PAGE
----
John Nitti, Verizon’s Chief Media Officer, said in a statement:
“We have strict content policies in place and have zero tolerance when they are breached, we take action…We’re pausing our advertising until Facebook can create an acceptable solution that makes us comfortable and is consistent with what we’ve done with YouTube and other partners.”
Carolyn Everson, Vice President of Facebook’s Global Business Group, said in her statement:
“We respect any brand’s decision, and remain focused on the important work of removing hate speech and providing critical voting information. Our conversations with marketers and civil rights organizations are about how, together, we can be a force for good.”
Accordingly, Facebook has announced some changes since Verizon’s announcement. The company is banning advertisements that could lead to any racial or religious division. The pressure is having an effect.
In 2017, a fire broke out in the Grenfell Tower residential complex in West London. The fire caused 72 deaths and over 70 injuries, the deadliest structural fire in the UK since WWII. After three years, inquiries into the tragedy are set to resume next month.
During this time of increased focus on racial justice due to the death of George Floyd, many believe that the tragedy will come to be understood as an example of racism as the residents were disproportionately black, Asian and minority ethnic (BAME). Nour-eddine Aboudihaj, the founder of the Grenfell Tower Trust, has claimed that residents of the tower were made to live in a “death trap. There were a lot of complaints about electricity cuts, gas, all these issues, but they were not listened to. The fact residents were from immigrant or BAME backgrounds means they weren’t listened to and they were treated unfavorably.”
Representative Imran Khan is pushing for a broader concept of racism to be applied to the understanding the tragedy. “That’s what institutional racism is about,” Khan said. “It’s not some individual deliberately doing something in a racist fashion. It’s whether any policies, procedures, acts or conduct directly or indirectly led to consequences.”
Khan’s push for recognition of a broader concept of racism will find sympathetic ears among those who recognize that the COVID-19 pandemic has disproportionately hurt minorities around the world.
For months, White House insiders have reported that the President is growing restless in Washington, and longs to return to the campaign trail. After all, Donald Trump’s political rise was rooted in his freewheeling rallies, where he pontificates at-length about his own strengths, belittles his adversaries and arouses the crowd like a carnival barker.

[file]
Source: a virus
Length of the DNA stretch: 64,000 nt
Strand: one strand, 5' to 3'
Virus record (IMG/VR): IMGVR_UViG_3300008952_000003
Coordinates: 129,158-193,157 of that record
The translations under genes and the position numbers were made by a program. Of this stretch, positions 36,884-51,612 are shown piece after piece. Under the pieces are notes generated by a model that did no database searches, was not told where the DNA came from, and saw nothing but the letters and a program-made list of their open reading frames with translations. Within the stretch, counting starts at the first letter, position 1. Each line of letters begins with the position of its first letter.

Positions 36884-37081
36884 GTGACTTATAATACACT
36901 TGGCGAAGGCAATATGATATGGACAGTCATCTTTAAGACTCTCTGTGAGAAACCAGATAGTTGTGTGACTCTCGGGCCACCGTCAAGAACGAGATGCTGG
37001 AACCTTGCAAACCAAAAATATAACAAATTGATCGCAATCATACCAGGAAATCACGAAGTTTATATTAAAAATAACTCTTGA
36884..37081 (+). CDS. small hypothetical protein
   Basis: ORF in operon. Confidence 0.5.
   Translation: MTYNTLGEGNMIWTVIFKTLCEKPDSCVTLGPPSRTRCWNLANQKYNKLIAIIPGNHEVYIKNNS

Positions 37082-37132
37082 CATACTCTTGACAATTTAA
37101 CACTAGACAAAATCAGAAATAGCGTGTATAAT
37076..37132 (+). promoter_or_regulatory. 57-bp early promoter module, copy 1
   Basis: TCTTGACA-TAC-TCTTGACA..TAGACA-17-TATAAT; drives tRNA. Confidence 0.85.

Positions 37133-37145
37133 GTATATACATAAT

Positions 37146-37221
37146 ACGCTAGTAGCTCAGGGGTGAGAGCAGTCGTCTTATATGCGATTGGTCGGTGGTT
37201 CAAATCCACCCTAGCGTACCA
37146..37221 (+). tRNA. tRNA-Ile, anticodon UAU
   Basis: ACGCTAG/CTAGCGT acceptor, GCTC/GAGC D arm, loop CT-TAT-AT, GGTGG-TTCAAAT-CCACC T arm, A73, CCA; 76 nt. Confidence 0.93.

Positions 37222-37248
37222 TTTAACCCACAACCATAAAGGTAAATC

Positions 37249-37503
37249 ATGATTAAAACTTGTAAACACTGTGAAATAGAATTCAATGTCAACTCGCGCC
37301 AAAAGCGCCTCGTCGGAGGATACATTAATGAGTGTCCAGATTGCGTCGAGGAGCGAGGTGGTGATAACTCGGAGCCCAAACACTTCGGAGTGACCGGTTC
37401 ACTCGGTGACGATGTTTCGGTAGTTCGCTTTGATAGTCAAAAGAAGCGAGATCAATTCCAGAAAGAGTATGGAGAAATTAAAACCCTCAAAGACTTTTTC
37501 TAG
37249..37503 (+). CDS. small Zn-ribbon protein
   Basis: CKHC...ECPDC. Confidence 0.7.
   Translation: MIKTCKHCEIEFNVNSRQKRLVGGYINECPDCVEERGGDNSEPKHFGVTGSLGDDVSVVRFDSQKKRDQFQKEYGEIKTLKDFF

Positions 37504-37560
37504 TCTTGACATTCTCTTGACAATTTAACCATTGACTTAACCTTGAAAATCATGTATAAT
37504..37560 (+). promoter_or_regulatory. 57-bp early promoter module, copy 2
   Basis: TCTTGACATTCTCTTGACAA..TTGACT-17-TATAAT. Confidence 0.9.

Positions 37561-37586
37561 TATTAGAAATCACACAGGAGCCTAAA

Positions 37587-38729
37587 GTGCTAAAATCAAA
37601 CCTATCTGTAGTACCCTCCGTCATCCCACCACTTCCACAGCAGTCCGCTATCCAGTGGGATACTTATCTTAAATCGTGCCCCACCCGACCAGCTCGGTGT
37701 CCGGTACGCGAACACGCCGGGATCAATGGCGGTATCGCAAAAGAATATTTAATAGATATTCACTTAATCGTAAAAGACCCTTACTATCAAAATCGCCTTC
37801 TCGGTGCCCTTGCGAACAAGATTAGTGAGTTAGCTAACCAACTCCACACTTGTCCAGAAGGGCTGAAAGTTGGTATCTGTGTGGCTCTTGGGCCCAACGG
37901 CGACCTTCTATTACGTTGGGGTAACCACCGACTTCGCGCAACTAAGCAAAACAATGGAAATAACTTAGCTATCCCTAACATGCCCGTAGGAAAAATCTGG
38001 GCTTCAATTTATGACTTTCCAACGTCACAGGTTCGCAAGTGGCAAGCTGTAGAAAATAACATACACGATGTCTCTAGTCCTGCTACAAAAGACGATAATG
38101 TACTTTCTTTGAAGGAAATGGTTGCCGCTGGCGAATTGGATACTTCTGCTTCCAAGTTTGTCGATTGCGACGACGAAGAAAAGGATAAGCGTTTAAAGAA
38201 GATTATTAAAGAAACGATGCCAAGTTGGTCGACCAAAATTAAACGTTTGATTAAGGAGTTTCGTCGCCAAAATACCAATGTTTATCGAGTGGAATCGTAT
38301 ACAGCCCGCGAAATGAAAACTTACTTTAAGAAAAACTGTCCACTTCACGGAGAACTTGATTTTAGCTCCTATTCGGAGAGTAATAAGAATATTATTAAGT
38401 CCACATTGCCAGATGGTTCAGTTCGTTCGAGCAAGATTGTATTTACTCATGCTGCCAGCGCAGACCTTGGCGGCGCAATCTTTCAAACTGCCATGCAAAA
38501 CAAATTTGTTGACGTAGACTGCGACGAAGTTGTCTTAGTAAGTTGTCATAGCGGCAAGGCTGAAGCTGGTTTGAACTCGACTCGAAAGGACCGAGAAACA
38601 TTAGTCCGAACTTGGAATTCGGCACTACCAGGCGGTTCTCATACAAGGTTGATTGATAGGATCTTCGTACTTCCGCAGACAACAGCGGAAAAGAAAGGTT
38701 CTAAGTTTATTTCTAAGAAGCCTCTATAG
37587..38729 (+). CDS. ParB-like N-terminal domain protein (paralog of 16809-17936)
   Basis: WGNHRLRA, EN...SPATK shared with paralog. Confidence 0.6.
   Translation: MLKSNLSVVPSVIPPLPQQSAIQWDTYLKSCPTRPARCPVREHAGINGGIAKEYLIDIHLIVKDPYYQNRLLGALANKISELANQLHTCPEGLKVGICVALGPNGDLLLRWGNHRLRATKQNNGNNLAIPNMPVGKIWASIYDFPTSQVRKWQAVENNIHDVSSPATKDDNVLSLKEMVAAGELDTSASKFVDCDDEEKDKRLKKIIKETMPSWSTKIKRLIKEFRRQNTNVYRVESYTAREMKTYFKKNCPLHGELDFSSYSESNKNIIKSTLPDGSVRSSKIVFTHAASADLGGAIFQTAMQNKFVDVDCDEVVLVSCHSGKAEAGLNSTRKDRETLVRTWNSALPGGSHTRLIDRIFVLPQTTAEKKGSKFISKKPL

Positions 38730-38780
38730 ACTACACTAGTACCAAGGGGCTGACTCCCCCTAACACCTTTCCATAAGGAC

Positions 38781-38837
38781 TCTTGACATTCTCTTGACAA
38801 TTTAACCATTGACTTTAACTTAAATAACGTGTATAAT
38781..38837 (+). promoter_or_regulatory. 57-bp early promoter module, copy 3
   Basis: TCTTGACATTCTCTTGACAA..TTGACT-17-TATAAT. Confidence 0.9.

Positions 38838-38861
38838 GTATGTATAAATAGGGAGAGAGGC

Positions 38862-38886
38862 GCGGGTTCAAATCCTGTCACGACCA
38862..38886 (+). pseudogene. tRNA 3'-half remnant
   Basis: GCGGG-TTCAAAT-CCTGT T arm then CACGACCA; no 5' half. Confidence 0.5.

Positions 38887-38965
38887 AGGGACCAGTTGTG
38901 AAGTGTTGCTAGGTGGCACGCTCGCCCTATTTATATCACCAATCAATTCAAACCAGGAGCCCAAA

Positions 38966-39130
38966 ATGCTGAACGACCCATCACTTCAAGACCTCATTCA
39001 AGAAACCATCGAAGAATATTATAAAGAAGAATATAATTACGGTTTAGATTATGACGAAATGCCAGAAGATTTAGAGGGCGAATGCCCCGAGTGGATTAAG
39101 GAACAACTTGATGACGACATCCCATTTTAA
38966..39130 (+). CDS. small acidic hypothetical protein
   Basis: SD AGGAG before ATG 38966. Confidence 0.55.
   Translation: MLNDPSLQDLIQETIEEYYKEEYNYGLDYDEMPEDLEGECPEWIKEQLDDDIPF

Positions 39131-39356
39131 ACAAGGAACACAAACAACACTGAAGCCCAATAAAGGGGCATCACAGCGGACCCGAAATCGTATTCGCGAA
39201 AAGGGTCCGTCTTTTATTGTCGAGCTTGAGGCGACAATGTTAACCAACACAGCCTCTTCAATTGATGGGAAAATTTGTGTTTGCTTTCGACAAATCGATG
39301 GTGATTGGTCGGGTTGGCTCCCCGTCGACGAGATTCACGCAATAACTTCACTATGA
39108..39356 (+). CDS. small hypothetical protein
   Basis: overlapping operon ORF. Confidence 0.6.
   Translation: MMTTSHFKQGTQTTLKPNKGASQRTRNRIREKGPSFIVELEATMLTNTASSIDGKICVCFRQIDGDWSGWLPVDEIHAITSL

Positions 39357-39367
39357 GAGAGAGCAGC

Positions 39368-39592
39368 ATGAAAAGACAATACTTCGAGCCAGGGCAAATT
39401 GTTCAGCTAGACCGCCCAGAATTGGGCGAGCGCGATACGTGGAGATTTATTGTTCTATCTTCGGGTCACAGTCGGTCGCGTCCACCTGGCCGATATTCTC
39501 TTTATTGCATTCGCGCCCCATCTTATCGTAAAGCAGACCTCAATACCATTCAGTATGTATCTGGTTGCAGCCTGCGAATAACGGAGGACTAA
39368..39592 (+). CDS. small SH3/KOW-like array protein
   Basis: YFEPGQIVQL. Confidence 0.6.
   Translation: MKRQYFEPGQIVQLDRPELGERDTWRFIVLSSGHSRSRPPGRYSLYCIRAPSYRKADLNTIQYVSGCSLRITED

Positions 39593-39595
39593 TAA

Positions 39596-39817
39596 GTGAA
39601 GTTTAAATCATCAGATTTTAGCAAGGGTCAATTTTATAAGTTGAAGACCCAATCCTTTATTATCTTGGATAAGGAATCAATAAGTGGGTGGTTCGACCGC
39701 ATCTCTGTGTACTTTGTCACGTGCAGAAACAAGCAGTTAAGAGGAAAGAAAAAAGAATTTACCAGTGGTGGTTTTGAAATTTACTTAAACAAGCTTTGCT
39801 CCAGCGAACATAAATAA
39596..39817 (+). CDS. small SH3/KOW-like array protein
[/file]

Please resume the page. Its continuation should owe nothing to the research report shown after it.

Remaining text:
Now, the White House reports that Trump will return to the trail for the first time since March, when coronavirus restrictions forced him to hunker-down in the executive mansion. Though he was able to maintain an audience for several weeks during his daily live press briefings (which he has since ceased), it’s been three months since the President has been able to stand in front of a raucous crowd of fans who will cheer his name and celebrate his musings. But oh how the world has changed since March.
In addition to the global pandemic and the economic tailspin that continue to plague the nation, the death of George Floyd at the hands of a police officer fast-tracked the cause of racial justice in the United States, making equality and police reform a top priority not just for the far-left, but for much of the political center. Even Republican Mitt Romney has knelt in solidarity with the Black Lives Matter movement, and it was only eight years ago that his party wanted him to be president.
So there’s no escaping the conversation of racial justice as Trump prepares to rally his followers on June 19th and while no one can ever predict what this president plans to say, his very schedule has already dropped a bevy of hints.
Time and Place
Foremost, consider the day that President Trump has chosen to resume his reelection campaign. The 19th of June is, for many, a commemoration of the end of slavery. Juneteenth, as it’s called, memorializes the 1865 abolition of slavery in Texas, the final state to receive news of Union victory in the Civil War. While some deem Juneteenth the “Black 4th of July,” there’s little cause to believe that Trump is headed to Tulsa to celebrate the progress of African-Americans.